USS George E. Davis

From Wikipedia, the free encyclopedia
  (Redirected from USS George E. Davis (DE-357))
Jump to navigation Jump to search

USS George E. Davis (DE-357) underway in the 1950s (NH 79834).jpg
History
United States
Name: George E. Davis
Namesake: George Elliot Davis, Jr.
Builder: Consolidated Steel Corporation, Orange, Texas
Laid down: 15 February 1944
Launched: 8 April 1944
Commissioned: 11 August 1944
Decommissioned: 26 August 1946
Commissioned: 11 July 1951
Decommissioned: 11 November 1954
Struck: 1 December 1972
Fate: sold for scrap 2 January 1974
General characteristics
Class and type: John C. Butler-class destroyer escort
Displacement: 1,350 tons
Length: 306 ft (93 m)
Beam: 36 ft 8 in (11.18 m)
Draft: 9 ft 5 in (2.87 m)
Propulsion: 2 boilers, 2 geared turbine engines, 12,000 shp (8,900 kW); 2 propellers
Speed: 24 knots (44 km/h; 28 mph)
Range: 6,000 nmi (11,000 km; 6,900 mi) at 12 kn (22 km/h; 14 mph)
Complement: 14 officers, 201 enlisted
Armament:

USS George E. Davis (DE-357) was a John C. Butler-class destroyer escort acquired by the U.S. Navy during World War II. The primary purpose of the destroyer escort was to escort and protect ships in convoy, in addition to other tasks as assigned, such as patrol or radar picket.

The ship was named in honor of Lt. George Elliot Davis, Jr., who was killed in action by enemy aircraft near Madoera Strait, Borneo. The destroyer escort's keel was laid down on 15 February 1944 by the Consolidated Steel Corp. at their yard in Orange, Texas. George E. Davis was launched on 8 April 1944; sponsored by Mrs. George E. Davis, Jr., his widow. The ship was commissioned on 11 August 1944, Lt. Cdr. Frederick L. Lincoln in command.

Operational history[edit]

Pacific Theatre operations[edit]

After shakedown off Bermuda, George E. Davis departed Norfolk, Virginia, for the Pacific Ocean on 21 October 1944 and arrived Hollandia, New Guinea on 28 November. As a convoy escort, she sailed on 7 December for the Philippines where she arrived San Pedro Bay, Leyte on 12 December. Assigned to the Philippine Sea Frontier, during the remaining months of fighting in the Pacific she served in the Southwest Pacific on convoy escort and antisubmarine patrols.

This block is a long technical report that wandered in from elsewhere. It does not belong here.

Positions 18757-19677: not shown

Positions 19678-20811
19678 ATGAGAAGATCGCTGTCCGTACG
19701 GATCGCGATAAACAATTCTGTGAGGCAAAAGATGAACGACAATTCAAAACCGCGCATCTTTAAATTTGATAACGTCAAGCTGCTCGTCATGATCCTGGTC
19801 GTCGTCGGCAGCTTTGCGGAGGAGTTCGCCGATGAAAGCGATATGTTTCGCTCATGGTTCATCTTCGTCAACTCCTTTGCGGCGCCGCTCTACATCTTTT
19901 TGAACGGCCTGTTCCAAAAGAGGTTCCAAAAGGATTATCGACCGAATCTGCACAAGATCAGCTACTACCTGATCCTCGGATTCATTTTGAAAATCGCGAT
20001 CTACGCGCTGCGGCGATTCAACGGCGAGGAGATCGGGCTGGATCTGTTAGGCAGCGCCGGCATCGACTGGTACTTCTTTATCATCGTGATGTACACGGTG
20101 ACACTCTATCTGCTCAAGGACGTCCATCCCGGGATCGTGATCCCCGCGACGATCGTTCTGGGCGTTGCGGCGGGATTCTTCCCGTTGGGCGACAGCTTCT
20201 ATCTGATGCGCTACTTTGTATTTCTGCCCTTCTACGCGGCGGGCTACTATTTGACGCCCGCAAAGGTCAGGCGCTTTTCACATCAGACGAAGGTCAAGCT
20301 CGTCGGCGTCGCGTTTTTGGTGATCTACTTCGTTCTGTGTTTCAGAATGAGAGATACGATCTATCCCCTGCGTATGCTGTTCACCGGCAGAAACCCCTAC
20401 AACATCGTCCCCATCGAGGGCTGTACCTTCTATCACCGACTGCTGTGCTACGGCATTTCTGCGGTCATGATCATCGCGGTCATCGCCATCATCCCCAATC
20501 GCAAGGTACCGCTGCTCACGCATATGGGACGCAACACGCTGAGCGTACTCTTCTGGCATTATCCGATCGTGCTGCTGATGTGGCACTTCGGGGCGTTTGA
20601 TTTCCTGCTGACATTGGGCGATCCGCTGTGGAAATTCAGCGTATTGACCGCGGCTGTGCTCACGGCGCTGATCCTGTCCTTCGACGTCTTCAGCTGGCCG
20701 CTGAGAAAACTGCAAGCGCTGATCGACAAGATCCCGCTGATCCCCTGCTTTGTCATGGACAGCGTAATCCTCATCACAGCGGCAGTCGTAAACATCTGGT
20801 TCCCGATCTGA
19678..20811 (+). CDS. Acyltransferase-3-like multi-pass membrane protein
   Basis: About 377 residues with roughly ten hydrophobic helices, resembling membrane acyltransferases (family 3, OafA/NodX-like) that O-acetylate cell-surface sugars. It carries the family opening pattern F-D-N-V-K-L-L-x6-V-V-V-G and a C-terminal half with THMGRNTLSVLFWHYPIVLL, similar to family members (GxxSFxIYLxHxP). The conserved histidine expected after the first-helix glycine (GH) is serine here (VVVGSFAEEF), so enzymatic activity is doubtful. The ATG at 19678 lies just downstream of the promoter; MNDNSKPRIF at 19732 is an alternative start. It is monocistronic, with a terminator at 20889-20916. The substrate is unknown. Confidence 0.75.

Supporting Philippine operations[edit]

Until March 1945 George E. Davis operated out of San Pedro Bay, Leyte, escorting troop and supply convoys to and from New Guinea, the Admiralty Islands, and the Palaus. On 23 March she departed Leyte for the western Philippines; and, steaming via Mindoro, she arrived Subic Bay, Luzon on 30 March. During the next two months she patrolled the convoy lanes west of Mindoro and Luzon, sweeping the South China Sea in search of Japanese submarines. Between 3 and 7 June she steamed from Subic Bay to Ulithi, Western Carolines, returning to Subic Bay on 12 June as escort for a convoy. Departing 16 June, she returned to Ulithi on 20 June; and between 27 and 30 June, she escorted a supply convoy to Leyte Gulf.

End-of-war activity[edit]

During July George E. Davis escorted convoys between the Philippines and Okinawa. After the Japanese capitulation 15 August, she continued escort and patrol duties in the Philippines and in the East China Sea. In September she guarded convoys carrying occupation troops from the Philippines to Japan. Early in December she sailed from the Philippines to the coast of China where she supported American and Chinese Nationalist troops during reoccupation operations along the coast of northern China. During January and February 1946 she operated along the coast of Japan before returning to Tsingtao, China on 20 February. She patrolled the East China Sea and Yellow Sea off mainland China until 16 April when she departed for the United States. She arrived at San Pedro, California on 11 May and decommissioned at San Diego, California on 26 August. The warship entered the Pacific Reserve Fleet.

Recommissioned as a training ship[edit]

George E. Davis recommissioned at San Diego on 11 July 1951, and departed San Diego on 11 October. She steamed via the Panama Canal to the U.S. East Coast, where she arrived at Newport, Rhode Island on 27 October. Assigned to the Atlantic Fleet, during the next three years she operated out of Newport as a training ship for the U.S. Naval Reserves. This duty carried her along the eastern seaboard and in the Caribbean and she continued this service until June 1954.

Final decommissioning[edit]

She decommissioned on 11 November 1954 at Green Cove Springs, Florida, and entered the Atlantic Reserve Fleet. On 1 December 1972 she was struck from the Navy list and, on 2 January 1974, she was sold for scrap.

See also[edit]

References[edit]

This article incorporates text from the public domain Dictionary of American Naval Fighting Ships. The entry can be found here.

External links[edit]